Buying a home is not an easy task and one of the main obstacles is saving money for a home deposit and other upfront costs such as stamp duty and conveyancing fees.
For this reason, the Australian Government runs a program called the First Home Super Saver Scheme (FHSS) to help first home buyers save for their first home.
Eligible first home buyers can make voluntary concessional and non-concessional contributions to their superannuation fund to help them save for a home. If the invested amount is made concessionally, it is likely that you will be paying less tax on that amount (as opposed to paying your normal top marginal rate of income tax on it) - which of course goes towards your deposit, instead of ending up in the tax-man's hand.
And secondly, any income earned from your investment in the FHSS (whether that principal investment was made on a concessional or non-concessional basis) will only be taxed at 15% (as opposed to your top marginal rate of income tax). Both of these factors can help you save for a deposit more quickly.
The FHSS does have some specific eligibility requirements. To be eligible for FHSS, you must:
Have never owned a property in Australia – This scheme is geared towards first time home buyers only. You must never have owned a property, including an investment property, a commercial property or an interest via a company title.
Have never previously released any amount under FHSS – There is no age restriction when making a voluntary contribution to superannuation, however, you must have never withdrawn any amount under the first home super saver scheme previously.
Intend to live in the property for at least six months of the first 12 months of ownership, after it is practical to move in.
Either live or intend to live in the premises you are buying as soon as practicable.
Contributions are made via a super fund, and it's possible to make contributions into more than one fund. Home buyers can make voluntary concessional contributions (before tax) and non-concession contributions (after you've already paid income tax on it) in order to save for a home loan deposit.
The maximum contribution a home buyer can make is limited to $15,000 in one financial year and $30,000 in total. Salary sacrifice contributions are taxed at 15% and non-concessional contributions are taxed at 0%.
If you are employed, ask your employer about salary sacrificing. This is making extra before-tax contributions to superannuation from your salary. The amount you want to contribute is up to you, just as long you don't exceed $15,000 in one financial year.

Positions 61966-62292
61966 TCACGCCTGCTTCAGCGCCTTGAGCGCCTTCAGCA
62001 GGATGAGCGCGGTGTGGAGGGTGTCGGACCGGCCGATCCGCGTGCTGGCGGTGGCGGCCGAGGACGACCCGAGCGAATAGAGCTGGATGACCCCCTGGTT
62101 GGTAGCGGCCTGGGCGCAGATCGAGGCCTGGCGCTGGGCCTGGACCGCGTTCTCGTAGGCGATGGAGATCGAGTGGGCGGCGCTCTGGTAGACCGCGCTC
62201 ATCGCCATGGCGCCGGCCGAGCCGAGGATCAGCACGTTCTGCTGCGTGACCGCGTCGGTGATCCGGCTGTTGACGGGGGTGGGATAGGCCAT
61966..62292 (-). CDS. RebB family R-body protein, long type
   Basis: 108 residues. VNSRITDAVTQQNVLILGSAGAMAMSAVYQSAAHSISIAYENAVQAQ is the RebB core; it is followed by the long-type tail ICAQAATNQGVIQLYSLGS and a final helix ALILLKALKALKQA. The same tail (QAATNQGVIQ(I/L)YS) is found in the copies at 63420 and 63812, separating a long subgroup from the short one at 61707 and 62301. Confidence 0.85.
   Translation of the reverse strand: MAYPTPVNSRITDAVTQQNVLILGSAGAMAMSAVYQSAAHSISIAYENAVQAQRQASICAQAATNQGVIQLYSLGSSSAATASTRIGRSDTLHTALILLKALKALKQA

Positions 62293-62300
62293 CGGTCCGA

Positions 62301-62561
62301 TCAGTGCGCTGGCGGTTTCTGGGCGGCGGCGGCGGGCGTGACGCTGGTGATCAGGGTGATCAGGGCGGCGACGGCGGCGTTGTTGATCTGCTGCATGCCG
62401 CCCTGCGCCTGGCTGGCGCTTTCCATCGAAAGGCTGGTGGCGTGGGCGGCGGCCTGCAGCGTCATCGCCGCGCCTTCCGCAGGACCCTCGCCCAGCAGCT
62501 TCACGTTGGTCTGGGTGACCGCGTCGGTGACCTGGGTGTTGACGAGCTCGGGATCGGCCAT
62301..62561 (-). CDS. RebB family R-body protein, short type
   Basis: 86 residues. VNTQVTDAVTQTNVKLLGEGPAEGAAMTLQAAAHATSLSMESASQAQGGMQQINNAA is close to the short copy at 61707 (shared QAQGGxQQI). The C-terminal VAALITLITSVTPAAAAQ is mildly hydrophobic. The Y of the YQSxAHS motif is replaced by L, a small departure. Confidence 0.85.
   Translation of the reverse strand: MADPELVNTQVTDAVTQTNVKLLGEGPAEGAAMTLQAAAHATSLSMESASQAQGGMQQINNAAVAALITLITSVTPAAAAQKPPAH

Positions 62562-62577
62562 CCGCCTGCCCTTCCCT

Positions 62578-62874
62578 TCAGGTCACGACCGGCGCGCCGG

If you are self-employed, you will need to make contributions to your super fund yourself.
If you are buying with an FHSS-qualified partner, sibling, or a friend, each of you can contribute individually and then later combine the funds into a single home loan deposit.
The contributions made above the first home super saver scheme limit will remain in your superannuation fund.
Starting on 1 July 2018, you can withdraw your FHSS voluntary contributions by applying to the Australian Taxation Office (ATO).
To withdraw your contributions, you must request an FHSS determination from the ATO. This will show how much money can be released. You will need to download the approved form from the ATO website.
Take note that you can only request a release once.
The ATO will issue a release authority to your super fund or funds, and your each fund will then send the requested release amount to the ATO. A payment summary will then be sent to you.
Once your contributions have been released, you have 12 months to sign a contract to buy or build your own home. If you were not able to purchase or build within this timeframe, you may either apply for an extension of up to 12 months, or keep the funds and be subjected to an FHSS tax.
The biggest advantage of the FHSS Scheme is the benefits of tax savings. Voluntary contributions to your super fund are usually only taxed at 15%, which can be significantly lower than your marginal tax rate.
As a result, the benefits gained from the scheme will largely depend on the size of your taxable income and your individual financial situation
Potential to save a significant amount in tax compared to saving your income in a standard savings account
It allows you to take advantage of compound interest and tax concessions available for making additional contributions to your superannuation
Both partners in a couple are able to participate in the scheme and combine the funds together to pay for the deposit
After withdrawing you have up to 12 months to purchase a home, and this can be extended by 12 months
Salary-sacrificing will mean a having less take-home pay
The capped maximum of $50,000 for a single person contribution may not be enough to account for a full home loan deposit. Even as a couple combining your saved funds, you may need to make additional savings to avoid paying LMI
The process of withdrawing your funds can take up to 25 business days. In addition, if you sign a contract to either build or buy a home before the funds are released there is a 20% tax
Understanding the full benefits and costs of the scheme, as well as assessing alternative strategies for saving for a house deposit, can become quite complicated. That's why it's important to always seek professional financial advice.
Given this scheme can be quite complicated, you might want to think about speaking to a financial adviser about it.